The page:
Not often we review whisky accessories here, in fact this is the first, but where hip-flasks are concerned I think you would be hard pushed to find a whisky-drinker who doesn’t own one.

These little flasks are essential if you ask me, the thought of trying to endure an enormous wedding or christening without one simply doesn’t bear thinking about. And to reach the top of a mountain not to be rewarded by a slug of tasty whisky, well it barely makes it worth climbing. Whatever your activity – whether that be shivering on the side-lines of a pitch, watching a match or the banks of a river, fishing or even just heading out for a walk -the hip flask is essential.

In my case, I own several and like many others, have been on the receiving end of promo flasks which come alongside bottles, engraved pewter flasks as presents and even a couple of old vintage flasks which are pretty much heirlooms.

The trouble I’ve faced with all of these is the simple fact that I seem to wear them out and more often than not I find myself at a christening or half-way up a mountain with whisky seeping into my jacket/shirt/rucksack and although smelling of whisky doesn’t bother me, it can in fact bother others…apparently.

So in a seemingly never ending quest for the perfect flask I have found two solid and sturdy options. Both at opposite ends of the price scale.

1st up Stanley… Stainless Steel,  Around £15-20

These cheap heavy weight flasks pack a monstrous 8oz’s (236ml) – roughly a third of a 70cl bottle. Being a Stanley flask, its obviously heavy duty and, according to the box, also ‘Leak Proof’ and coming from a manufacturer that produces tools, thermos flasks, etc I would say they are right. I’ve dragged one around on numerous missions and its had some nasty drops – the kind that would have been the death of a more delicate pewter flask. I have to say it stands up to all kinds of punishment.

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Other winning features are the wide mouthpiece which makes for easy filling and the attached screw cap, making it all the better for extreme conditions and extreme dramming. Plus being cheap, if you do drop it down a ravine or lose it, you won’t be too gutted – well, depending what you had in it.

The downside of these flasks is that they lack style and they are massive. It would look right at home in a rucksack, or in this case a January mountain bike ride, but not inside your jacket at a wedding or similar affair. However, for a cheap, sturdy flask I have to say this is one of the best out there.

2nd up SWIG, Stainless Steel, £61-£123.

Prices varying for different flask pouches/jackets, engraving etc.

An ample capacity of 6oz (170ml) means you have plenty of room for your trusty elixir, and should still have some left after handing it round a bunch of thirsty pals. Plus when its full it’s not so heavy that it drags you down, like some 8oz flasks I’ve had.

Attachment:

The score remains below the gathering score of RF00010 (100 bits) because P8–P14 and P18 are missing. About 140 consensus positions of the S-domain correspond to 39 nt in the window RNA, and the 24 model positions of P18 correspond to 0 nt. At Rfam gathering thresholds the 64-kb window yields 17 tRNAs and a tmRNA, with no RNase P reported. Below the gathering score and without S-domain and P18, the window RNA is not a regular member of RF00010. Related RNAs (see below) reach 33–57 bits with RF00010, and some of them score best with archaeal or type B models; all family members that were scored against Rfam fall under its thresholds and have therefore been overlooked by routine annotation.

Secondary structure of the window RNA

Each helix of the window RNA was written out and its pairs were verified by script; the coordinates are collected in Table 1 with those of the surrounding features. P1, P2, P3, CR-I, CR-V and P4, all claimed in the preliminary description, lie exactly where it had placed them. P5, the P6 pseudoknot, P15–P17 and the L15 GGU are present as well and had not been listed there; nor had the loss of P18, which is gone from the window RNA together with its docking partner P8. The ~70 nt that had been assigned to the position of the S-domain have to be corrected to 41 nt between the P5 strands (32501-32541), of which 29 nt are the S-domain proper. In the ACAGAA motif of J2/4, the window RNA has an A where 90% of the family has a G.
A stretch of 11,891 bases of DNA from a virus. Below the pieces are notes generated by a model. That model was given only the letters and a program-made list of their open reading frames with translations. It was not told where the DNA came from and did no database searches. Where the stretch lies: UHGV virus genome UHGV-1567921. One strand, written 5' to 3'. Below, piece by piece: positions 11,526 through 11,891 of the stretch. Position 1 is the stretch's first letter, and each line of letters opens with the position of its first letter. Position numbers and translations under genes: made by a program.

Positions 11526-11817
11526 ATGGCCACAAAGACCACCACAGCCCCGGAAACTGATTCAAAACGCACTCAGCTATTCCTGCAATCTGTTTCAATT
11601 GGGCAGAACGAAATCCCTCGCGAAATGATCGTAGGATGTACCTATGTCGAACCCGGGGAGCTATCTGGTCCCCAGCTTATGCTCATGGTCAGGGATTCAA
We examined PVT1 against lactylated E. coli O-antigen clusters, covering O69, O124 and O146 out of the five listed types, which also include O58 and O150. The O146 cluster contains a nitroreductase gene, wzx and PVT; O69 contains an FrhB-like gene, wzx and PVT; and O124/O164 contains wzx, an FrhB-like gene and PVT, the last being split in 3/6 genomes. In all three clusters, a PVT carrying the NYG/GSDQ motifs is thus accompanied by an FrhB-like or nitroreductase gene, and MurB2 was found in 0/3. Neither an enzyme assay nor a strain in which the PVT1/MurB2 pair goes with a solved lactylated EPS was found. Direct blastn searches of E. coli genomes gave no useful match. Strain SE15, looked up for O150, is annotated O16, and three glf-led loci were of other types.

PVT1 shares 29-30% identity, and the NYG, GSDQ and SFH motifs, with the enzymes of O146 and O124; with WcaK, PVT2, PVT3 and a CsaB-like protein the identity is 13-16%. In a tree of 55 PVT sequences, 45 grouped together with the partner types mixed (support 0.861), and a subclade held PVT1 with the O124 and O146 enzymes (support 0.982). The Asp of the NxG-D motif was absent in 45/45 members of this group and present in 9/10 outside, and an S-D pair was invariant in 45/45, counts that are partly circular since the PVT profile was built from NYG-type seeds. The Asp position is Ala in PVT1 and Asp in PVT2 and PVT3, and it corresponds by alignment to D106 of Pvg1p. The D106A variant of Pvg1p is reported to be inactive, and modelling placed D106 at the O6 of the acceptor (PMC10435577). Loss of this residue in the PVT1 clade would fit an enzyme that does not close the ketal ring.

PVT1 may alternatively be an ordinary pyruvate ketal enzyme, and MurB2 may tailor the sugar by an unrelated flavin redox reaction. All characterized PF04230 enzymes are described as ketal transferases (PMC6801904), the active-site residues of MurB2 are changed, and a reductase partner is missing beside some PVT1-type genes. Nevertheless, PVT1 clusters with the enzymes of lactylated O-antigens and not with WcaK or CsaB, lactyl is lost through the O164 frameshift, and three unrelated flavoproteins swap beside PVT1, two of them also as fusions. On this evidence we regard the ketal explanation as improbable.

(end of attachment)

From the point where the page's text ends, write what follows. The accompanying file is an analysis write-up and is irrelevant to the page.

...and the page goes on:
The flask seems incredibly well made with a sturdy and substantial join between the mouth piece and the body of the flask. This is really important as this is where the majority of my flasks have failed, causing the nightmare slow pocket-leak, usually when the weld for whatever reason is not sufficient. Definitely not the case here.

Each flask is individually numbered and comes presented in a neat slinky box along with a card directing you to the SWIG society. This is a nice touch, the society includes an invitation to an annual members party and the potential for monthly re-fills in the future. Not quite a self-filling flask, but the next best thing.

This particular one is the executive flask and comes in a wee black leather pouch but there are tons of variations, it’s nice to hear from SWIG that all these accessories, box, jackets, etc. are all made in the UK.

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This is by far the slinkiest flask I’ve had. I’m not usually one to be impressed with packaging, but it’s clear a lot of thought and attention has gone into the presentation and the design of these flasks.

But presentation aside, it’s a quality, sturdy flask that can clearly take a beating. After filling and shaking aggressively like a lunatic, there is no trace of leaking and after dropping (not intentionally), its clear it can survive a long drop onto a hard surface.

All-in-all it’s a top notch flask, smart enough to take along to a fancy event, but also sturdy enough to handle an outdoor lifestyle.

Overall… Both flasks are great and between the two you can make sure you have whisky with you just about everywhere you go.

SWIG currently have a sale on, so now would be a good time to snap one up. You can check out there website HERE

Happy dramming.

Joe